• Took in my first Bucco game of the '11 campaign yesterday. After overcoming a 4-0 deficit, it was a tough one to lose. Once again, those dreaded bases on balls killed the team.

  • Another first of the season this morning: first round of golf for 2011. Scored a 44 at Clover Hill. For the first round of the year, that's OK, I suppose, but having to mark down a snowman on the ninth hole was most definitely NOT okay.

Sunday, April 10, 2011

A Scene from Opening Day

Need to share this item from John Perrotto's Beaver County Times story today about this scene from Opening Day. I'd have loved to have seen this.

Clint Hurdle is still learning the lay of the land in his first season as Pirates' manager. That provided an awkward moment before the home opener Thursday at PNC Park.

Hurdle was walking in the hallway that leads from the clubhouse to the dugout about three hours before game time when he saw Pirates owner Bob Nutting. Hurdle put a bear hug on Nutting. Nutting is not what you would call a huggable guy. The look on his face was priceless as he received what was assuredly his first-ever man hug.

Saturday, April 9, 2011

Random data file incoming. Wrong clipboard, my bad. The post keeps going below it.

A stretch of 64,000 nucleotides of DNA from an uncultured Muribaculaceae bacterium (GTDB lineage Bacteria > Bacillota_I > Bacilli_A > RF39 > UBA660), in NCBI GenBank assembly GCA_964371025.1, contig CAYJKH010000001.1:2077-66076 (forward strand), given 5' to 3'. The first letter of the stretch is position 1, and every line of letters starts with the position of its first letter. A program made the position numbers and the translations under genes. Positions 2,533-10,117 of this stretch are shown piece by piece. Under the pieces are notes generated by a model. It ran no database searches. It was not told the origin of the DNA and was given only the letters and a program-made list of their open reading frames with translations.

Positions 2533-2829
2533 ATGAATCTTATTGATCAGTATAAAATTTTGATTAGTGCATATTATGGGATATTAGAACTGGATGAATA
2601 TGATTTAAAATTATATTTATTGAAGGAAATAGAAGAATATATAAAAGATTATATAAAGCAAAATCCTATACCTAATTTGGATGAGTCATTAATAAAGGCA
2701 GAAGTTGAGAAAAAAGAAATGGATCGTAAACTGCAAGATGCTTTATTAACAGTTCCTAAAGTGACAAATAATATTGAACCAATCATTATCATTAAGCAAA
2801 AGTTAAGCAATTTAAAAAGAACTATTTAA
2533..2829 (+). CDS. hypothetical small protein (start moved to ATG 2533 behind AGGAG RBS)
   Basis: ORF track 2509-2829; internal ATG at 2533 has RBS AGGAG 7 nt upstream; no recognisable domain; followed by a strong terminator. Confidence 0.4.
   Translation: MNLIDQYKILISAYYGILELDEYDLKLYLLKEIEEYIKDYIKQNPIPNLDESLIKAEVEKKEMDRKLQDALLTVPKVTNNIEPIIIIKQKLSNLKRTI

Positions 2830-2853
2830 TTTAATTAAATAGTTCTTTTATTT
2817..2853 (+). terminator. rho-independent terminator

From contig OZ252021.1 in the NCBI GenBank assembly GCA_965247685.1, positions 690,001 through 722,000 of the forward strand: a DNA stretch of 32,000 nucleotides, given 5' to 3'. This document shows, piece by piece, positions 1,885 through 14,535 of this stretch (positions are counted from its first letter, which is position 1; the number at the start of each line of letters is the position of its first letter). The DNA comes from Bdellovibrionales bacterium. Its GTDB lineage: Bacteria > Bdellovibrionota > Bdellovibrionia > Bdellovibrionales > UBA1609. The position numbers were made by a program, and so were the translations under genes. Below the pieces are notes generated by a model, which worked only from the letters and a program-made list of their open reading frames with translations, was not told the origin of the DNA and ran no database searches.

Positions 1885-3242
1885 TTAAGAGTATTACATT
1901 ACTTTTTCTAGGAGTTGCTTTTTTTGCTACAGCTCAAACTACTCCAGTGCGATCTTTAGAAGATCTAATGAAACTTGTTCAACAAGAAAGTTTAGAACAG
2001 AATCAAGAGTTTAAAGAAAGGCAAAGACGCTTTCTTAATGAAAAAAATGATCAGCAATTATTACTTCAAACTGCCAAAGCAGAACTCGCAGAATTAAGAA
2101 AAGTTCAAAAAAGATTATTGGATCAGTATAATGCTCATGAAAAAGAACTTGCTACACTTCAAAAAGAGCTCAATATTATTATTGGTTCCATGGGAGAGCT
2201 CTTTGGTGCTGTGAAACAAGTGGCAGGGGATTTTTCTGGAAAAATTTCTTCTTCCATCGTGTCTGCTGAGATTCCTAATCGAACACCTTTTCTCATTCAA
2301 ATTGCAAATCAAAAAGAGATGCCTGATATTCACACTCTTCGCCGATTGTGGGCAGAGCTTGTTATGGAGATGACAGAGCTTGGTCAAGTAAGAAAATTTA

Another Side to Jack Wilson?

In case you missed it, Jack Wilson, beloved by Pirates fans and held as an example of just another GM Neal Salary Dump, shows a heretofore unknown side up in Seattle in this young season. There are two sides to every story, of course, but this one is a bit surprising and disturbing:

On another note, certain readers of this blog will recognize the name of a well-known baseball aficionado from Munhall, PA, Bill Madden. I can remember he always bemoaned whenever a Pirates pitcher walked a lead off hitter. "You never walk the Leading Lady", he would say. Well, I am sure Pappy is spinning in his grave after watching Evan Meek last week and Jose Veras tonight. Lead off walks in the eighth inning of games led to two Pirates defeats on successive Saturdays.

That's baseball, as the saying goes.

Thursday, April 7, 2011

The Masters

With hushed and reverent tones, I offer my prediction for the 2011 Masters, a Tradition Like No Other.

Perhaps one of the hardest single thing to do in sports is win a golf tournament, which makes predicting winners almost impossible, a true shot in the dark. So my prediction will be somewhat generic. I predict that The Masters (A Tradition Like No Other) will, for the first time since 1999, be won by a European golfer. It's a deep field of Euros - Luke Donald, Martin Kaymer, Rory McIlroy, Ian Poulter to name a few.